‘AMOS’ WORLD’ is a highly staged, three-part, telepathic and narcissistic TV soap opera, strewn with the vernacular of a therapy session and the persuasive mantras of the executive suite, the property developer and the city planner. Special animosity is reserved for the architect Amos, played here by a diminutive mannequin, and his flimsy claims to societal revolution. It is a video installation that shares its theoretical and aesthetic universe with works like Melanie Gilligan’s ‘The Common Sense’ (2014), Jasmina Cibic’s ‘This Machine Builds Nations’ (2018), Edward Thomasson’s ‘Pressure’ (2016) and Ed Atkins’ ‘Ribbons’ (2014).
At times ‘AMOS’ WORLD’ seems to be a musing on Brutalism, architecture and the body or on identity, capitalism and individualism. Buildings like Erno Goldfinger’s residential ‘Trellick’ and ‘Balfron Towers’ (1972) and Le Corbusier’s ‘Unité d’Habitation’ (1952-57) are referenced in the installation and on-screen; while notions of societal breakdown or urban disintegration set in a bourgeois, modernist housing development conjure thoughts of J.G. Ballard’s ‘High-Rise’ (1975).
At other moments the video installation operates like a theorisation on the artificiality and contrivances of television, especially melodramatic soap operas. It is a study on this genre’s clichés, suspensions of disbelief, anecdotes, episodic character development and arcs, bad acting and oversimplified scripting. Elsewhere, Evans considers our perceived reliance upon affirmation, connection, affection and community through new technologies and networked cultures. It is the ‘fear-of-missing-out’ come to life - a world of theorist Shoshana Zuboff’s ‘The Age of Surveillance Capitalism’ (2018), artist Hito Steryl’s ‘How Not To Be Seen’ (2013) and the data mining and brokering of political agencies like Cambridge Analytica. Through all of this, ‘AMOS’ WORLD’ is always an examination on the tropes of science-fiction filmmaking and special effects, with cinematic references to ‘Logan’s Run’ (1976) and Ava, the humanoid robot in Alex Garland’s feature film ‘Ex-Machina’ (2014), and its allusions to what film theorist Barbara Creed terms the “monstrous-feminine.”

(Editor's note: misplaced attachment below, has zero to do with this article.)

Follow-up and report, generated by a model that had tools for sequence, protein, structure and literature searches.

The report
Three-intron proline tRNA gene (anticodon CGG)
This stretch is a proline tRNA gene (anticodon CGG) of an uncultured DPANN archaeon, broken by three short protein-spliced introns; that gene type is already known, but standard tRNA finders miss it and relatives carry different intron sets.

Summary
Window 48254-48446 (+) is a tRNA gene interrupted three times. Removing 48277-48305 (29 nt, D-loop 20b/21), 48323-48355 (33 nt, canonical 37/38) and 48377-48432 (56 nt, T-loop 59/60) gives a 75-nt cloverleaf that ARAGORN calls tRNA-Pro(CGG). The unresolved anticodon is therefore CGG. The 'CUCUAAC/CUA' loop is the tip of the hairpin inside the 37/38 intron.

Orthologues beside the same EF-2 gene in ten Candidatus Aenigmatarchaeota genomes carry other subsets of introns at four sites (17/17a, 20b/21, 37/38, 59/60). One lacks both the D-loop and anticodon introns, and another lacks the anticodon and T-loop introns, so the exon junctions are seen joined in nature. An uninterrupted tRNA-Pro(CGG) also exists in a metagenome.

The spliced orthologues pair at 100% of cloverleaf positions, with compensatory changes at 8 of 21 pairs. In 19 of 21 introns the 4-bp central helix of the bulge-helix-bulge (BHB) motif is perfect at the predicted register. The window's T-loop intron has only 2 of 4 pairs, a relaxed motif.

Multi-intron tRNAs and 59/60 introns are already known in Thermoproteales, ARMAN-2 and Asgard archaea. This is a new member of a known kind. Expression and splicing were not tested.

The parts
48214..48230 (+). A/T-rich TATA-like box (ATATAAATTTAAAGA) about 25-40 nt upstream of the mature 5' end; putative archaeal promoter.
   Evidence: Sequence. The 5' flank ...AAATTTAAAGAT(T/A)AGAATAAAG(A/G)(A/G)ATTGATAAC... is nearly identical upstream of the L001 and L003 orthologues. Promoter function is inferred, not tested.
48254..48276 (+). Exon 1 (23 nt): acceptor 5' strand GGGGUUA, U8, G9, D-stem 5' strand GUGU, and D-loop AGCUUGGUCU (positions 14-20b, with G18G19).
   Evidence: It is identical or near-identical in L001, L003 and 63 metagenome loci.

Evans establishes a sense of changeability at the heart of this video work, which is voiced throughout. This idea is reinforced by Evans when she plays the character of ‘The Weather’ as well as ‘The Manager’, who voices in the opening lines that it this film is an “incomplete narrative of fragments in a story with missing parts.”
‘AMOS’ WORLD’ appears in Tramway as a mosaic of tall screens, heavy concrete and steel viewing pods, an array of props and sets, and a deconstructed Amos puppet with interchangeable heads that display a range of emotions: detachment, denial and anxiety. Alongside Amos’ architectural office and library, viewers will discover a mood board assembled from cut-outs from magazines, two collages of small video screens playing gif-like loops, a light-box transparency of red roses and the image of a busy motorway akin to a still from Godfrey Reggio’s ‘Koyaanisqatsi’ (1982).
The overall affect is a work that exists without a space where an audience might reside, a place where any empathy for the characters or their situation might be gleaned. And between Amos’ manufactured insincerity and garrulousness, and the film script’s obfuscation, the trilogy of films do not know quite what they believe or what they are trying to express.